Facebook’s News Feed is getting a little more colorful today. Its “Goodwill” team — which is behind efforts like Friends Day and various messages at the top of the feed, including the recently added Weather greetings — is now rolling out new animations to denote the changing seasons. Starting today, people may begin to see an animated message with birds or butterflies denoting the first day of spring, if they’re in the Northern Hemisphere, or an animation of falling leaves, if in the Southern Hemisphere.
The animations will only appear on mobile devices, including both iOS and Android.
The animations were designed by Facebook’s internal team of artists and illustrators using cut paper, vector-based graphics and motion, the company says. They serve no other purpose beyond announcing the vernal or autumnal equinox, depending on which hemisphere you live in, except for making the News Feed a bit more cheery and giving users something to share.
The larger goal of the Goodwill team is to create an environment on Facebook where people are “moved to express their feelings and connect with things that matter,” Facebook has explained in the past. That includes experiences like birthdays, anniversary videos and the “On This Day” feature, in addition to the messages that pop up at the top of the News Feed and other events that people are interested in sharing.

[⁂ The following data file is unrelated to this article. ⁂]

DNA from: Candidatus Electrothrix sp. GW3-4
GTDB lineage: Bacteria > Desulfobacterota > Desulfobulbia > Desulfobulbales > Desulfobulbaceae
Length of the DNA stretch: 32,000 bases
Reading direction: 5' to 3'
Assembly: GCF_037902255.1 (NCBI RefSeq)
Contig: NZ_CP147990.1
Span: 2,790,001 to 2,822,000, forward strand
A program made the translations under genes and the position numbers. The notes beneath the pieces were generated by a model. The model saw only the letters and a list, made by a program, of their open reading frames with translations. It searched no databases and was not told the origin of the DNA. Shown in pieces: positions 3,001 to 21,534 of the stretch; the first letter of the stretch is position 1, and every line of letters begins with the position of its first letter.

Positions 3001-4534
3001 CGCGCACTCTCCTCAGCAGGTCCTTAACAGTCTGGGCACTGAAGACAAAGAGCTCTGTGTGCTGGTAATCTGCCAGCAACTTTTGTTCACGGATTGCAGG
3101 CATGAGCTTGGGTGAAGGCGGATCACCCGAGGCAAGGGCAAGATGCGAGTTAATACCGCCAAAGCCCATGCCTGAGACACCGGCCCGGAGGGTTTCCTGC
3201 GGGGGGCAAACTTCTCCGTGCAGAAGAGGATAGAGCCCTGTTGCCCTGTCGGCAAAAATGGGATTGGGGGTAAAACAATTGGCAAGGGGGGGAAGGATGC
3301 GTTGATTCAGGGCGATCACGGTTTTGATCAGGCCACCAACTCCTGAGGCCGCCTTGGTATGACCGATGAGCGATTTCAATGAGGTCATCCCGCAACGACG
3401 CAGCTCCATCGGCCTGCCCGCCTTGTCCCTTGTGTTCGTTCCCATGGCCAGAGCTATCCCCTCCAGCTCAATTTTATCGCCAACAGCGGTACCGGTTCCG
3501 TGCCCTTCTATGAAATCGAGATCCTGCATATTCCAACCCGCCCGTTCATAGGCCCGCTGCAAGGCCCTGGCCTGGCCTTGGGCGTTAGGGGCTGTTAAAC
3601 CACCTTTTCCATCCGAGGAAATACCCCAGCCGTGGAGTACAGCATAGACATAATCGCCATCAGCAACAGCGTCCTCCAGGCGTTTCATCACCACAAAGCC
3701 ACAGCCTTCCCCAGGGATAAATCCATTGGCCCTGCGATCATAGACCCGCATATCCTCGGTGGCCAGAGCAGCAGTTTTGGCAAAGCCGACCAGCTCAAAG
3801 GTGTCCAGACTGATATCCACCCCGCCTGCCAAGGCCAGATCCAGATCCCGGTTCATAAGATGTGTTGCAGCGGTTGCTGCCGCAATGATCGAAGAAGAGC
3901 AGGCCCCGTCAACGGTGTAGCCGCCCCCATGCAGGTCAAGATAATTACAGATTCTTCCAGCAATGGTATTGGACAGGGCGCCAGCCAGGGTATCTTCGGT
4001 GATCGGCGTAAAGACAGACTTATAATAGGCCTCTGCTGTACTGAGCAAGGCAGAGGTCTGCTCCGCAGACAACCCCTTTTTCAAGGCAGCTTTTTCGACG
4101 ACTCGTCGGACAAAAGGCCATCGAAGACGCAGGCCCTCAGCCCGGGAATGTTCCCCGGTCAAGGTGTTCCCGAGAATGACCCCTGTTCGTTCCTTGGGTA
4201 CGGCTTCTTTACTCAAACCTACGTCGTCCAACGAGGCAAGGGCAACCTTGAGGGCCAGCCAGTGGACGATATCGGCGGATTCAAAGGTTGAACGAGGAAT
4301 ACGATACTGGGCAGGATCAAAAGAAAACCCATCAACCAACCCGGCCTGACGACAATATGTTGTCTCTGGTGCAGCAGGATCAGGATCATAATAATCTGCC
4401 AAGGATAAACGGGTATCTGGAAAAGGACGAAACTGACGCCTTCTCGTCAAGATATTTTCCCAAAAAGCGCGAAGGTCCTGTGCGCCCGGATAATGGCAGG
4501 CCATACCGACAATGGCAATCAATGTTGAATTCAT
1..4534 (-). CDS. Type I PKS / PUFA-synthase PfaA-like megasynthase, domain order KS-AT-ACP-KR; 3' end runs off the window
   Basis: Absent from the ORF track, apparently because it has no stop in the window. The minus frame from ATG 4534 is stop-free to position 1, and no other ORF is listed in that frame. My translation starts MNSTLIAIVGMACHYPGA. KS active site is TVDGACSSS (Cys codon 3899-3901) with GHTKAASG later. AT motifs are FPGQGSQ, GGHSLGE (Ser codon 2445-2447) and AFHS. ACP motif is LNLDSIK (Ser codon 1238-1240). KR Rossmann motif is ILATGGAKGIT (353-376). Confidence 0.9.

The idea is to prompt users to click on the new greetings, which will trigger a Facebook post you can edit with your own message and content. The post will read you’re “welcoming spring” (or fall), and will include the larger seasonal graphic as part of the post.
This may seem like a minor feature, but it’s part of a larger agenda to boost personal sharing on the network. According to reports from The Information and Bloomberg last year, people are sharing fewer personal posts with their friends on the social network, at a time when other apps like Snapchat and Instagram are expanding their reach.
The Information said original sharing had dropped by 15 percent from the prior year, and Facebook specifically formed an internal team to improve this metric. (Facebook disputes this, saying that’s not “entirely the case.”)
These News Feed greetings have become more a part of the Facebook experience in recent months, thanks to informational messages about the day’s weather, which helps Facebook replace yet another regular destination on users’ phones — their preferred weather application.